• provides motivation;
  • assists a researcher to form research questions; and
  • can assist in the identification of appropriate data-collection instruments.

Cooper (1988:5) developed an instructive framework for reviews that had previously been lacking. This taxonomy addressed six characteristics of reviews:

  • Focus: primary research outcomes, research methods, theories or the application of findings of research.
  • Goals: integration, criticism or the identification of central issues.
  • Perspective: neutral, where the reviewer attempts to present all arguments, espousal where the perspective is a particular argument or issue, paying little attention to other views.
  • Coverage: may range from exhaustive to only a representative cover of the available research.
  • Organisation: how the literature is presented in the review, for example, historically in chronological order, conceptually with literature relating to the same ideas presented together, or methodologically in which literature is grouped according to the methods employed in the primary research.
  • Audience: the differing audiences to whom the reviewer is directing the work.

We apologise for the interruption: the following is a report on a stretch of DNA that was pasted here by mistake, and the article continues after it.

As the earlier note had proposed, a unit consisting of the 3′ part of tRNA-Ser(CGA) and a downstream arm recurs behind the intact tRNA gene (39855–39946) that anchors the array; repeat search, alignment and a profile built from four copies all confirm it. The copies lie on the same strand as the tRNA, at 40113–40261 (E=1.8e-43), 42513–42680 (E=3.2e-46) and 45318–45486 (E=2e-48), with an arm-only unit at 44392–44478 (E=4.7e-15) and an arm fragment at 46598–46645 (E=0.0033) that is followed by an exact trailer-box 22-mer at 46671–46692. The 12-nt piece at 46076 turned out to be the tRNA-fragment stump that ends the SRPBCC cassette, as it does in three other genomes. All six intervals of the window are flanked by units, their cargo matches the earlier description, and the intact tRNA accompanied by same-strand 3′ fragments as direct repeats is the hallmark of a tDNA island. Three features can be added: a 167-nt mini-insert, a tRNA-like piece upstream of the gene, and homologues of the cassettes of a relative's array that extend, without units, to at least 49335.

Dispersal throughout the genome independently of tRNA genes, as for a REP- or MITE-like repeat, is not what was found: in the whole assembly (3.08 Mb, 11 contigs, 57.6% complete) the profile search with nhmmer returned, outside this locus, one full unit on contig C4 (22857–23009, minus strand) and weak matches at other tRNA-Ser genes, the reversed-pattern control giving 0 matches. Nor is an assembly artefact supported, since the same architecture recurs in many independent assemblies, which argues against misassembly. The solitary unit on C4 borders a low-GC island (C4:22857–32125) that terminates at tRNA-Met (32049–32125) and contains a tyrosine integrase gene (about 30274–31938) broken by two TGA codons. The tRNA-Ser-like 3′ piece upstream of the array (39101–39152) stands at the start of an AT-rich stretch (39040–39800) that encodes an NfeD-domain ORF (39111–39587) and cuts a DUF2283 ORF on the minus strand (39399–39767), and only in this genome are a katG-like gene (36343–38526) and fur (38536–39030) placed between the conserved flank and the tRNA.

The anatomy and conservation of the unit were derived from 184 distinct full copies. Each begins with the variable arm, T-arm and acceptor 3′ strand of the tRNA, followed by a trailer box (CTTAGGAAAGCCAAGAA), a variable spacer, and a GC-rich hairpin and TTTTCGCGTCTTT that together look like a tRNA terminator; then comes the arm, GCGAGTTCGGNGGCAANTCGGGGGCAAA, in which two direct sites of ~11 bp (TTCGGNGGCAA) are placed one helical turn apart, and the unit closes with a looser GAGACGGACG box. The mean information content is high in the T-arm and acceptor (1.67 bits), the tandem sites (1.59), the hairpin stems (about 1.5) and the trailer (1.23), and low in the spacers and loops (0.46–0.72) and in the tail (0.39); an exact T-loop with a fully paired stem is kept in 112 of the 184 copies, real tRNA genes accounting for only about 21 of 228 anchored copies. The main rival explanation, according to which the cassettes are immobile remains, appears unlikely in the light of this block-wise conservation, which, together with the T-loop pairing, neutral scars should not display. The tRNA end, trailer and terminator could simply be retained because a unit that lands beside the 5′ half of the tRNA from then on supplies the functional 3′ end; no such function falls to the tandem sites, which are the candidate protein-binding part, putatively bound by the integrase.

Various scholars have proposed various ways of discussing literature reviews. Cooper (1984) cited in Kowanko (2000:34) identified three different components and suggested that a comprehensive review will likely address two or more of these areas. The first component is integrative reviews that summarize past primary research, draw overall conclusions, highlight unresolved issues and provide direction for future research. The second is theoretical reviews that present theories to explain phenomena, and compares them in terms of breadth, internal consistency and the nature of their predictions. The third is methodological reviews that examine and critique the research methods and operational definitions that have been applied to a problem, and address rigour and the risk of bias. Green, Johnson and Adams (2001:102) proposed three basic types of literature reviews, which are narrative reviews, qualitative systematic reviews, and quantitative systematic reviews (meta-analyses).